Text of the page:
Dodge Chal­lenger SRT Hell­cat Red­eye

Mus­cle car

Autocar - - THIS WEEK - MIKE DUFF

Here’s an an­swer for those who think that the ex­ist­ing Chal­lenger SRT Hell­cat and its 697bhp 6.2-litre su­per­charged V8 are a lit­tle tame. This Red­eye edi­tion uses most of the same me­chan­i­cal pack­age fit­ted to the lim­ited-run SRT De­mon that was of­fered in the US last year for am­a­teur drag rac­ers, and which proved ca­pa­ble of turn­ing in sub-10-sec­ond quar­ter miles.

The Red­eye has slightly less power – 786bhp against the De­mon’s 829bhp. Both use the same up­graded su­per­charger and have en­gines with strength­ened con­nect­ing rods, stronger pis­tons and an up­graded lu­bri­ca­tion sys­tem. It is def­i­nitely not a lithe sports car, with both sides of the Red­eye’s power-to-weight ra­tio be­ing al­most equally well stacked. By Dodge’s of­fi­cial num­bers it weighs 2050kg, yet is still claimed to be ca­pa­ble of both a 3.4sec 0-60mph time and a top speed of 203mph.

It’s as ridicu­lous as you would hope and ex­pect it to be. At ev­ery­day speeds, the Red­eye is pretty civilised for some­thing with such out­landish sta­tis­tics. The ride is pli­ant at low speeds, if a lit­tle un­der-damped, and the light steer­ing is ac­cu­rate and free of slop. Cabin ma­te­ri­als feel (and smell) cheap, but it seems well screwed to­gether and, although old­fash­ioned, the sim­ple de­sign suits the car’s com­plete lack of pre­ten­sion.

From the driver’s seat, it is of­ten hard to re­mem­ber just how much car­toon ag­gres­sion the steroidal styling is pro­ject­ing, es­pe­cially in the Wide­body ver­sion, which has chunky arch ex­ten­sions to cover fat­ter tyres.

The glove might not be silk, but there’s def­i­nitely an iron fist in­side it. Push be­yond the top inch or so of the throt­tle pedal’s long travel and the Red­eye’s char­ac­ter changes, ex­haust note har­den­ing and thrust turn­ing im­me­di­ately se­ri­ous. Push harder and it just gets pro­gres­sively an­grier, es­pe­cially once the su­per­charger starts to add its wail above 3000rpm. Well be­fore the pedal reaches the floor, your brain will be telling you the Chal­lenger is giv­ing its all, but there is more to come; fully un­leashed, the car can spin its speedome­ter in a way that’s rem­i­nis­cent of a sports bike, with some truly star­tling fig­ures ar­riv­ing amaz­ingly quickly.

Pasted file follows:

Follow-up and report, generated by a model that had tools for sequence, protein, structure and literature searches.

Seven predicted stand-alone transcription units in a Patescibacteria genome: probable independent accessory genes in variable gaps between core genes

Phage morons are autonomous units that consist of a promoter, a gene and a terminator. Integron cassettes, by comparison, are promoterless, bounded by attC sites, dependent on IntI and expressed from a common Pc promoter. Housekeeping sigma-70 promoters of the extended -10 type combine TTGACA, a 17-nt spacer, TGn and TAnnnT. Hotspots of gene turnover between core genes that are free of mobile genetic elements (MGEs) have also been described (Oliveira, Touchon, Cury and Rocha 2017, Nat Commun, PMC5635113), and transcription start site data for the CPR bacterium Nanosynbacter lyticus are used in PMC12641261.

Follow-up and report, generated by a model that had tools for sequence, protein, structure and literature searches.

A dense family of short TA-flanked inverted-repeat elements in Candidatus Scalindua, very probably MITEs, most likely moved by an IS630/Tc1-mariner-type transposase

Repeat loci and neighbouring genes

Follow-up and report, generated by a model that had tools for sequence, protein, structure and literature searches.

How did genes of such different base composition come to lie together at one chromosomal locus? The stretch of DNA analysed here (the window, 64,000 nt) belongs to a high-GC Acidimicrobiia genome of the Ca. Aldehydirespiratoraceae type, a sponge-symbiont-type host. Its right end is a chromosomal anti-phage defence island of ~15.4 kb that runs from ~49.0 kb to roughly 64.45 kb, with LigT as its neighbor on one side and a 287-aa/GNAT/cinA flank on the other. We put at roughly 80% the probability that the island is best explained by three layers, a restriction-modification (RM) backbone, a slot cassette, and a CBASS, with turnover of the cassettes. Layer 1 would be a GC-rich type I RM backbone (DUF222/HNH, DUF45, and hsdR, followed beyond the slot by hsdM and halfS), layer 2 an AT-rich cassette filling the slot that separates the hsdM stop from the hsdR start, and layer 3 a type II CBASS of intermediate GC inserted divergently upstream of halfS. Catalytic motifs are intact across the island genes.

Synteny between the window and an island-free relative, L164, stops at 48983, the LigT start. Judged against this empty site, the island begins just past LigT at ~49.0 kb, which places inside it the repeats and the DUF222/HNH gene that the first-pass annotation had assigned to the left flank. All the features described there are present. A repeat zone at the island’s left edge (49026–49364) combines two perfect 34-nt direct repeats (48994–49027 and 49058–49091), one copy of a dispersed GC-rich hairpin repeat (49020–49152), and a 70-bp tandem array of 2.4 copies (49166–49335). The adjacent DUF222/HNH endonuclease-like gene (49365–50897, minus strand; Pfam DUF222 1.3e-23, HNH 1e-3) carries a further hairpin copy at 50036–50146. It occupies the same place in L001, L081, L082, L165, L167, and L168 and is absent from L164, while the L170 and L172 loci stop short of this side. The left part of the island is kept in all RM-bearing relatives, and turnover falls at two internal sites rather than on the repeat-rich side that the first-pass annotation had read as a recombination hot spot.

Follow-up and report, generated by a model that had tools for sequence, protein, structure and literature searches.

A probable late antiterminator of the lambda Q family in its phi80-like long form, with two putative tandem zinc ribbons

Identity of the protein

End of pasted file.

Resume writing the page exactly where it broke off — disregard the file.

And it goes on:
It’s very im­por­tant not to be dis­tracted by the num­bers, nor the way the scenery is blur­ring in the side win­dows. Try to slow, or turn, the Red­eye and you’re left in no doubt of the very con­sid­er­able forces at play here; it’s alarm­ingly easy to find your­self ap­proach­ing a cor­ner car­ry­ing way too much speed. Be­cause, while the Red­eye copes with bends rea­son­ably well, they aren’t its forte. Es­pe­cially as send­ing any sig­nif­i­cant amount of torque to the rear axle in a slow turn re­sults in the sta­bil­ity con­trol ef­fec­tively ab­ro­gat­ing re­spon­si­bil­ity. Even with ev­ery­thing fully switched on, the Red­eye slith­ers to rak­ish an­gles un­der power on dry Tar­mac.

The Red­eye also has a launch con­trol sys­tem de­signed to max­imise drag strip per­for­mance, but it is also pos­si­ble to fully dis­able the trac­tion sen­tinels – in the same way you could choose to wres­tle a bear. Fully un­shack­led, the Red­eye va­por­ises its rear tyres off the line, although eas­ing the throt­tle slightly does per­suade it to hook up. It’s not the most ef­fec­tive way to de­ploy its huge per­for­mance, but it’s cer­tainly fun.

In the US, it makes a strong bang­per-buck case for it­self, but Dodge has given up on the UK and there is close to zero chance that the Red­eye will come here of­fi­cially. The Chal­lenger is get­ting old and lesser vari­ants are fall­ing into ob­so­les­cence, but the SRT ver­sions still pro­vide plenty of mar­ket­ing siz­zle, and it’s hard not to see the ap­peal of this most mus­cu­lar of mus­cle cars.

It’s easy to for­give the cheap in­te­rior when as-stan­dard line lock en­ables you to smoke the tyres

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